Fool's guide to decoding the double-speak
GULUVA has, like many other South Africans, been at the receiving end of government-speak, which often leaves him none the wiser after an engagement with a bureaucrat.
He has, however, been able to decode some of the jargon and is now in the process of compiling a fool's guide to this evasive way of communicating. Below is a sneak preview of the dossier:
- "We believe in partnerships" - We have no clue of what is expected of us. Working with other people or organisations will at least help us hide our inadequacies, laziness and shortcomings even though we are in the end going to claim credit for the job.
- "Let's debate it" - A favourite of the Machine Gun Man's, this means: You caught us completely by surprise; we have no idea what the subject is all about. Talking about it more often will at least give us a basic understanding of the topic.
- "That's a good question" - Oh, shucks, this question is completely beyond my comprehension. Understand if I give you a stupid answer.
- "So-and-so is not going to renew his contract" - The person has been hopeless at his job; so we have nicely asked him to start looking for a new one elsewhere. It's a clever way of saying you are fired.
- "The matter will have to go through all internal processes" - This is another way of saying there's no chance in hell that this matter will be dealt with in your lifetime as it will have to go through a string of incompetent and lazy bureaucrats for resolution.
- "It is absolutely incorrect and we are going to issue a statement on Monday on the matter" - We did not think this matter would be in the public domain by now. We honestly don't know what to say to you right now. Give us more time to figure out how we are going to wriggle out of it.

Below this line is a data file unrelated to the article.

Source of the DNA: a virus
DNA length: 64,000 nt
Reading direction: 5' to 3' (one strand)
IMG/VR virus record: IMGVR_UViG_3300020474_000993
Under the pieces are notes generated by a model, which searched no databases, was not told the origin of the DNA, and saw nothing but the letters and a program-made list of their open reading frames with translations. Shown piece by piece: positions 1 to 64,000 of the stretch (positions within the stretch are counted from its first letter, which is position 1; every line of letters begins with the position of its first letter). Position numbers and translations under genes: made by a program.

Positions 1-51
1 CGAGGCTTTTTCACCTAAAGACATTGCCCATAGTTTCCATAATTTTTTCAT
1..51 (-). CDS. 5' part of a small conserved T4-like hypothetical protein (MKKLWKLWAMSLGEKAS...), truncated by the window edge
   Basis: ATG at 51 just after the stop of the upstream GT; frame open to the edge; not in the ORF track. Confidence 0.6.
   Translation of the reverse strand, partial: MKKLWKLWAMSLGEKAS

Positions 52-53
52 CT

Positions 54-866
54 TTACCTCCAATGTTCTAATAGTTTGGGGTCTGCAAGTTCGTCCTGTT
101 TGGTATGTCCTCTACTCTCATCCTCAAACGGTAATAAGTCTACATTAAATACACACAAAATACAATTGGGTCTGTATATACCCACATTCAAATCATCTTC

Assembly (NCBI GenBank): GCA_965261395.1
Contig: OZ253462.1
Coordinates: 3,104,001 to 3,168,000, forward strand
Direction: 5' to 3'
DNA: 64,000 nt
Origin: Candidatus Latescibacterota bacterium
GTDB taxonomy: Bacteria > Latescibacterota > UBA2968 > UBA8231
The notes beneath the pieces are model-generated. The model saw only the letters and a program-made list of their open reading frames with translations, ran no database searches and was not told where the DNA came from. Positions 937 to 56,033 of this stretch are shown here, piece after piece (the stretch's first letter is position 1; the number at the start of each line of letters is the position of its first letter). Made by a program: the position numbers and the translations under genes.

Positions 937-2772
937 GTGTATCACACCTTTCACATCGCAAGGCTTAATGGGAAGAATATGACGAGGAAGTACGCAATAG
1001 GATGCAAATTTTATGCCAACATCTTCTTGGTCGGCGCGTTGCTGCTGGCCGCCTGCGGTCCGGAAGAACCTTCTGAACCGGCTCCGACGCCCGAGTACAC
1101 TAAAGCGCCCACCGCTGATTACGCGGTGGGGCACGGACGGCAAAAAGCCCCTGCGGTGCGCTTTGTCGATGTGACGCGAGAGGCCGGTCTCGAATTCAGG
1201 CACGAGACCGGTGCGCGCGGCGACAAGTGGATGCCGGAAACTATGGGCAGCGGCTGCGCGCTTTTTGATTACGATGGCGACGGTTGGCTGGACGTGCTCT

- "No comment" - Frankly speaking, all the allegations you are making are true. But you're not going to get that from me.
- "I cannot comment or deny the allegations" - Ditto the above.
- "We are going to put systems and processes in place" - We'll work on it.
How not to catch a crook
The following is a note pasted by the Honeydew police next to an ATM at a shopping centre in Strubens Valley, Roodepoort: "Please be on the lookout for approximately four black male suspects driving a black velocity golf (sic).
"They normally ask a client to help them at the ATM's (sic) then clone cards or swap cards around. If there is any problems (sic) please phone Sector Policing on."
Guluva appreciates the fact that these hard-working and committed policemen and women mean well. But, really, which streetwise guluva would hang around an ATM adorned with this message?
Retirement! What retirement?
Archbishop Emeritus Desmond Tutu was in the spotlight this week when he called on the Cape Town Opera to cancel its trip to Israel in protest against what he called that country's treatment of the Palestinians.
Saying it would be both "inappropriate and unconscionable" to perform in that country, Tutu made an impassioned plea to the "fine singers of Cape Town Opera to listen to your conscience".
This from a man who on his 79th birthday a couple of weeks ago said he was disengaging from public discourse.
When it's in you, man, it's in you!
E-mail Guluva on: email@example.com